Chinese electronics wholesalers have a knack for picking up on trends and flooding the market with cheap “replicas” and shoddy knock-offs of the most popular gadgets. The candy-colored Beats by Dr. Dre headphones and are not necessarily a new addition to the world of Chinese fakes – having been spotted in street markets from Beijing to Bangkok for more than a year – but last month’s $1 billion valuation of Beats Electronics LLC has generated a spike in popularity.
“Looking at the shops in Shenzhen's Huaqiangbei commercial district – a destination for buying electronics, especially fakes – Beats by Dr. Dre are definitely hot, prominently displayed next to iPhones, Samsung gear and Nikon cameras,” reported CNN. “The counterfeit boom is fed, these days, by the rise of high-end headphones that Dr. Dre's audio products helped kickstart with the launch of Beats in 2008.”
Beats Electronics LLC is owned by former N.W.A. rapper and hip-hop producer Andre Young (aka Dr. Dre) and recording industry heavyweight Jimmy Lovine. Carlyle Group, one of the largest private equity firms in the world, invested $500 million in the company in late September, allowing it to buy back a minority stake held by HTC Corp – the smartphone maker that integrates “Beats Audio” into its high-end handsets. HTC had initially bought a 50.1 percent share in Beats Electronics LLC in 2011, but was unable to hold on with a tumbling stock price and increased competition from Apple and Samsung.
Speaking to a CNN reporter, one wholesale company spokesperson in Shenzhen said, “Business is very good. You buy cheap from me, you sell expensive in your home country, we all make a lot of money.” She added that one British businessman, intending to sell the bootleg audio equipment as the real deal, had recently placed a $50,000 order.
Last holiday season, Beats by Dr. Dre accounted for 70 percent of all high-end headphone sales in the U.S. The American headphone market is a $2.4 billion segment of the electronics industry. Beats earbuds range from $100 to $150, with the company’s over-the-ear headphones ranging from $200 to $400. Beats Electronics LLC also designs portable speakers and car audio systems.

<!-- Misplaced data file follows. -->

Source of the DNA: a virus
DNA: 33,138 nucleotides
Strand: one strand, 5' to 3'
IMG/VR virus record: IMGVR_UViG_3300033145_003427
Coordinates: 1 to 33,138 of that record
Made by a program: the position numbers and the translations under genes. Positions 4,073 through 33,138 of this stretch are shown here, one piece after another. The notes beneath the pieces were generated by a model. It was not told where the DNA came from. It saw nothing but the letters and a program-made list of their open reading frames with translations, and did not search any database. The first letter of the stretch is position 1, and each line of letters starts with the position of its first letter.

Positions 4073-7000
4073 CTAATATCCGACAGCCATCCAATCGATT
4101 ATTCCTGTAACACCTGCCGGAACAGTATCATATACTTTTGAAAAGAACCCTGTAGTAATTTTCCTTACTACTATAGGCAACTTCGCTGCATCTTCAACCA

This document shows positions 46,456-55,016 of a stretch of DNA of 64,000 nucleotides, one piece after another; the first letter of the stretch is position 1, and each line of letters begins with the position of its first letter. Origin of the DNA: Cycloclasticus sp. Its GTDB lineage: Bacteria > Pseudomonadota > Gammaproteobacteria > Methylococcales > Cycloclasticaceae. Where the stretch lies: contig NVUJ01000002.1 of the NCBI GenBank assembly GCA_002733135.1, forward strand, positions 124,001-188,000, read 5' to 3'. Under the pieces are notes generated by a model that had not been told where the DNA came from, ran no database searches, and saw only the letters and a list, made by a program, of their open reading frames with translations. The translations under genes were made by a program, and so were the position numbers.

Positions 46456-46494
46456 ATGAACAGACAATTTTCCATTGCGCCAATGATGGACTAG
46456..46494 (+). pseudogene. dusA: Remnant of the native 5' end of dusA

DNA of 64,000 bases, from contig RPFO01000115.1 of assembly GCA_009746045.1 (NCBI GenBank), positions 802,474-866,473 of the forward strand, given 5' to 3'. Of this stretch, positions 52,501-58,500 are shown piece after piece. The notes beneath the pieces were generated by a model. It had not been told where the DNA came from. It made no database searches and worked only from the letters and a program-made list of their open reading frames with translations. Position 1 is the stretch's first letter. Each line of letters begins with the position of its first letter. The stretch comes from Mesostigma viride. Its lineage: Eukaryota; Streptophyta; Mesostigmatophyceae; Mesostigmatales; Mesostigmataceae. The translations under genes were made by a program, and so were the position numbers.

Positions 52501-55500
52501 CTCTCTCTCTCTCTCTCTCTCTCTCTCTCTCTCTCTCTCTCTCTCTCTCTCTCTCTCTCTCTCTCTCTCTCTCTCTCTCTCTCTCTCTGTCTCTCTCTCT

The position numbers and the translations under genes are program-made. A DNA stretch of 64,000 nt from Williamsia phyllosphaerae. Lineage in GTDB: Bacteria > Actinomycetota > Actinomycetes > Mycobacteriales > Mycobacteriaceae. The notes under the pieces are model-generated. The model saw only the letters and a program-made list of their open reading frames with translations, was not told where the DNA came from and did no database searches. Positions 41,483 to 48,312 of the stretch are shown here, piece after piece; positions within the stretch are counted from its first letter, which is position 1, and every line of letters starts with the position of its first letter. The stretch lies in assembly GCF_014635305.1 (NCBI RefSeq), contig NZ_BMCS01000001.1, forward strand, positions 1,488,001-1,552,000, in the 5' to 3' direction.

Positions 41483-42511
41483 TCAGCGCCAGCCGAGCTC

A quick web search for “China Beats by Dre” offered numerous Chinese wholesale sites specializing in the colorful audio equipment. “DIYTrade” yielded five whole pages of counterfeit headphones with the iconic lower-case “b” logo, ranging from about $25 to $75 for copies of the top-selling Solo and Wireless models.
The same search on Alibaba, the world’s largest e-marketplace, yielded a whopping 19 pages of results. Although the Chinese shopping giant recently announced a partnership with Louis Vuitton to crack down on fake handbags, it seems that bootleg headphones are readily available. One seller was offering knock-off Beats for a mere $3.40 each – if the buyer could commit to a minimum purchase of 10,000 units. The same seller claimed to have the ability to ship 100,000 units per month.
The official Beats by Dr. Dre website offers tips on how to spot fakes and what to do if you’re duped. Their list begins with the golden rule of shopping for a premium item: “If the price seems too good to be true, it probably is.”
Last May, the BBC reported that counterfeit Beats by Dr. Dre headphones were one of the most commonly seized items by customs officers, with more than 200,000 pairs confiscated.
Not only are knock-off electronics less durable and of generally poorer quality than the official product – they are potentially dangerous, as well. A fake iPhone charger was attributed to the electrocution death of a Chinese woman last July.